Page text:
I really enjoyed Brian Lamb's talk on digital learning: "Go fast, go cheap, and let it go out of control". For those who might want to know the pedigree, this is the guy who sold David Wiley on blogs and wikis, so he's a pretty trend-setting and innovative guy. Instead of a PowerPoint (so 20th century!), he gave his presentation using a bunch of tabbed wikis in his Safari browser. Each wiki was a different section of his presentation. He gave us the URL at the beginning, and encouraged us to start adding to his presentation wikis. How wild! Talk about audience participation. People could add material at the same time as he was presenting it!
Anyway, log these urls well, I think they'll be useful:
Gogogo.notlong.com - His presentation wiki
Itibloggers.notlong.com - a list of edubloggers from the IT institute. A great source of IT bloggers!
Brian started his presentation by saying "The digital and academic worlds are butting heads together. Can these work together?"
His argument is that digital media requires that we teach differently than before. We need to move quicker, think looser, and, most especially, let learners go crazy with the technology and not over-moderate how they learn. In this way, he had many similar ideas as Stephen Downes. One example of digital technology butting heads with academia is what Brian called "Mass Amateurism." This is the ability that fast, cheap, and simple technologies can give to the masses to approach a level of professionalism. Brian claimed that this often scares the "intellectuals" and tenured professors because "What is academia about? About being the professional. The notion of allowing the common man to do it makes them uneasy." He gave the example of digital cameras. He's not a professional photographer, but with the incredible cameras anyone can buy, he is "80% there."
Another example is Apple's GarageBand, where anyone can be a professional music mixer. Brian later observed, "The more esteemed a scholar is, the less likely they seem to be to embrace new technologies. The ones who accept new technologies are struggling new faculty looking to get an edge. Those with tenure aren’t interested." He might be over-generalizing, but it is true that technology could change the traditional model of education to some degree.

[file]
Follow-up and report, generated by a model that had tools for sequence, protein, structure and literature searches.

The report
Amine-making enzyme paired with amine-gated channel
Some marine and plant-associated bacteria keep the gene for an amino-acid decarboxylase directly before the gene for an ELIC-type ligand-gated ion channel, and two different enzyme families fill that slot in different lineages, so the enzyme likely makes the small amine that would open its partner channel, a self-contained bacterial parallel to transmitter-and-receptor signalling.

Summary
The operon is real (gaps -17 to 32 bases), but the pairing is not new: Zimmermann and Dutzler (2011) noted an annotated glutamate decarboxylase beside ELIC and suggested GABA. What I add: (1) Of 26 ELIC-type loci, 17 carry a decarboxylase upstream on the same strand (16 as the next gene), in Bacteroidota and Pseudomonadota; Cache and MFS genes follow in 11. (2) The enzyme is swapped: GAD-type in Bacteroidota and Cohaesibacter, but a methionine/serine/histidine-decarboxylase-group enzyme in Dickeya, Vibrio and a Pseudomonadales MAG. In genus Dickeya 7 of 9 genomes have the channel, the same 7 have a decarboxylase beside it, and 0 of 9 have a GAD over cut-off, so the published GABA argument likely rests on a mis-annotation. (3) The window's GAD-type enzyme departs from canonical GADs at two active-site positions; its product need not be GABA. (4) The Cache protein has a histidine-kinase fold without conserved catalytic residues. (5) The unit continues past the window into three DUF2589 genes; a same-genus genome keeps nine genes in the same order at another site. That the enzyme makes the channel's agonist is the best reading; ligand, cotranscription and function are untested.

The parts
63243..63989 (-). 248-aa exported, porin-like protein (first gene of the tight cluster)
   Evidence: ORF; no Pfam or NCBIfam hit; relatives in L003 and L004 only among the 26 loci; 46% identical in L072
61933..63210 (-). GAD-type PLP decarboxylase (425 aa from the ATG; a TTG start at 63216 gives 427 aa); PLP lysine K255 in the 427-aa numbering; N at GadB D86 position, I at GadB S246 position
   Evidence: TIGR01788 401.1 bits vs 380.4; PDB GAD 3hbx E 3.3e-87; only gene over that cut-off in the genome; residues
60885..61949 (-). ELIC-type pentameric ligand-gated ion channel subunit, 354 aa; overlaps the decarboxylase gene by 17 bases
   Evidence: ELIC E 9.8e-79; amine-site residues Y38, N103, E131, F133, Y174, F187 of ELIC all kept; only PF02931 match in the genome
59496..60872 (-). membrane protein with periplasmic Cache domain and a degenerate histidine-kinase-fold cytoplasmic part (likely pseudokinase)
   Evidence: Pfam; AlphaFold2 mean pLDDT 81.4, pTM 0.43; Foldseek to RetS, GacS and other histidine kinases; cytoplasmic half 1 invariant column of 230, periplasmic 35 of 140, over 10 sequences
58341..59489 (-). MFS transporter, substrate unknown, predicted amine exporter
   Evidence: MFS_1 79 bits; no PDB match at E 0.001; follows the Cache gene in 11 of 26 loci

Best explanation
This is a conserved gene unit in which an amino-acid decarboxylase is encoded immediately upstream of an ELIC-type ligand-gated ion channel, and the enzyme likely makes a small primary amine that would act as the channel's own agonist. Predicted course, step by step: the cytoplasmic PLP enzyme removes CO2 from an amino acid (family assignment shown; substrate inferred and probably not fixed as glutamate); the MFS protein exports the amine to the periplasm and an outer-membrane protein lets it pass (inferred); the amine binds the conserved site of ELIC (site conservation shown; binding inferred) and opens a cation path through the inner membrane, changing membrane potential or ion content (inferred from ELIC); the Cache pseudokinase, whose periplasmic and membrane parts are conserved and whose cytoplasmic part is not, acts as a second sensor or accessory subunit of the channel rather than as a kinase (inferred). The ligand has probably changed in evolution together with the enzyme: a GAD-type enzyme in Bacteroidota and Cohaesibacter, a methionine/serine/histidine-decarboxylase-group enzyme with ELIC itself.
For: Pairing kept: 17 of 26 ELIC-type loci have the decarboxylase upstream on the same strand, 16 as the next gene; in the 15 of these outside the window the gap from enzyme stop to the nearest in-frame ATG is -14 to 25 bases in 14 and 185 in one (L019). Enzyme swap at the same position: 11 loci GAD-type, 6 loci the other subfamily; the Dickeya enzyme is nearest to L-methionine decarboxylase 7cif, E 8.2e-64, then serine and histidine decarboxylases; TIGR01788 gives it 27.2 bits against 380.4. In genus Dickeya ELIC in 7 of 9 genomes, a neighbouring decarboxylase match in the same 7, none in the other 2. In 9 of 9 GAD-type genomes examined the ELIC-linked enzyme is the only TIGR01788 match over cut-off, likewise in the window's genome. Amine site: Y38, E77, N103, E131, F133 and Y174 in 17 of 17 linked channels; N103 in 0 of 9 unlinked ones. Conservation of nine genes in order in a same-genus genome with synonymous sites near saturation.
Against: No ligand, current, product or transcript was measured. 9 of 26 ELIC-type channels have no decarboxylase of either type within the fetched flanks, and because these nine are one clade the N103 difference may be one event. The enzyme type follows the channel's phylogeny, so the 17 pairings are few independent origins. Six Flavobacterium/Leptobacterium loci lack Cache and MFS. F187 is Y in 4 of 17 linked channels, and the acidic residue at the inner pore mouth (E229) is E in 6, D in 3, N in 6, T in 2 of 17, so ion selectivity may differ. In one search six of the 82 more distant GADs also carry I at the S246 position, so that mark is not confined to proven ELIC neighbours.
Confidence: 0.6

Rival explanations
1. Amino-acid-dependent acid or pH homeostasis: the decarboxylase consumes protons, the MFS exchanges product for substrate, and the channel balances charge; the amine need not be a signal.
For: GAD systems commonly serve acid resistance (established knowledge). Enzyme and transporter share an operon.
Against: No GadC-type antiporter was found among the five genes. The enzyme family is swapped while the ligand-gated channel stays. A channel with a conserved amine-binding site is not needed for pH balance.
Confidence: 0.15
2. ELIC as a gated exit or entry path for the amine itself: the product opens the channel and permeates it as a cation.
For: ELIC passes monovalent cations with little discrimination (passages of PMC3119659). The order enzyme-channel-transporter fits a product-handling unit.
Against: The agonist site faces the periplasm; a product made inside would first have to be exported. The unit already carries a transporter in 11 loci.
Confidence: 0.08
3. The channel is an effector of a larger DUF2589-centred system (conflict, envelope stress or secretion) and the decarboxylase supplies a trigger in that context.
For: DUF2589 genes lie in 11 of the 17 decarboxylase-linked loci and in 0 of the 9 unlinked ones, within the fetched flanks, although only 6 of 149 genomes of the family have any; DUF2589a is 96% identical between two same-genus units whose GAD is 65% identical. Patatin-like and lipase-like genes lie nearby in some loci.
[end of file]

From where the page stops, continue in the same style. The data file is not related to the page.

Brian's actual job is to run the learning objects movement in a British Columbian university. He made the claim that technologies like Furl and Flickr (both of which are AWESOME tools BTW) are really creating types of learning objects because you tag a piece of content (a website) or a graphic with some kinds of metadata (like what categories they belong to, what rating you give these objects, and what keywords you attach to them).
He then attacked the lack of openness and freedom to adapt and "remix" objects (a.k.a. Larry Lessig's keynote). He said that if we could have the freedom to take material and change and adapt it without worrying about copyright infringement, then we don't have to make the difficult decisions about how much context to add to a learning object, or what the granularity of the object should be--because teachers will make these decisions themselves. They will remix the objects and take the amount of the object that they need and adapt it to their own context.
Anyway, he had many other very good points, but ala modern society, he was very all over the place and scattered in his thoughts so they are hard to recreate here. But that's exactly what his point was: we need to let go and let modern e-learners go "out of control" with technology, even if the way they interact and learn is different than what we're used to.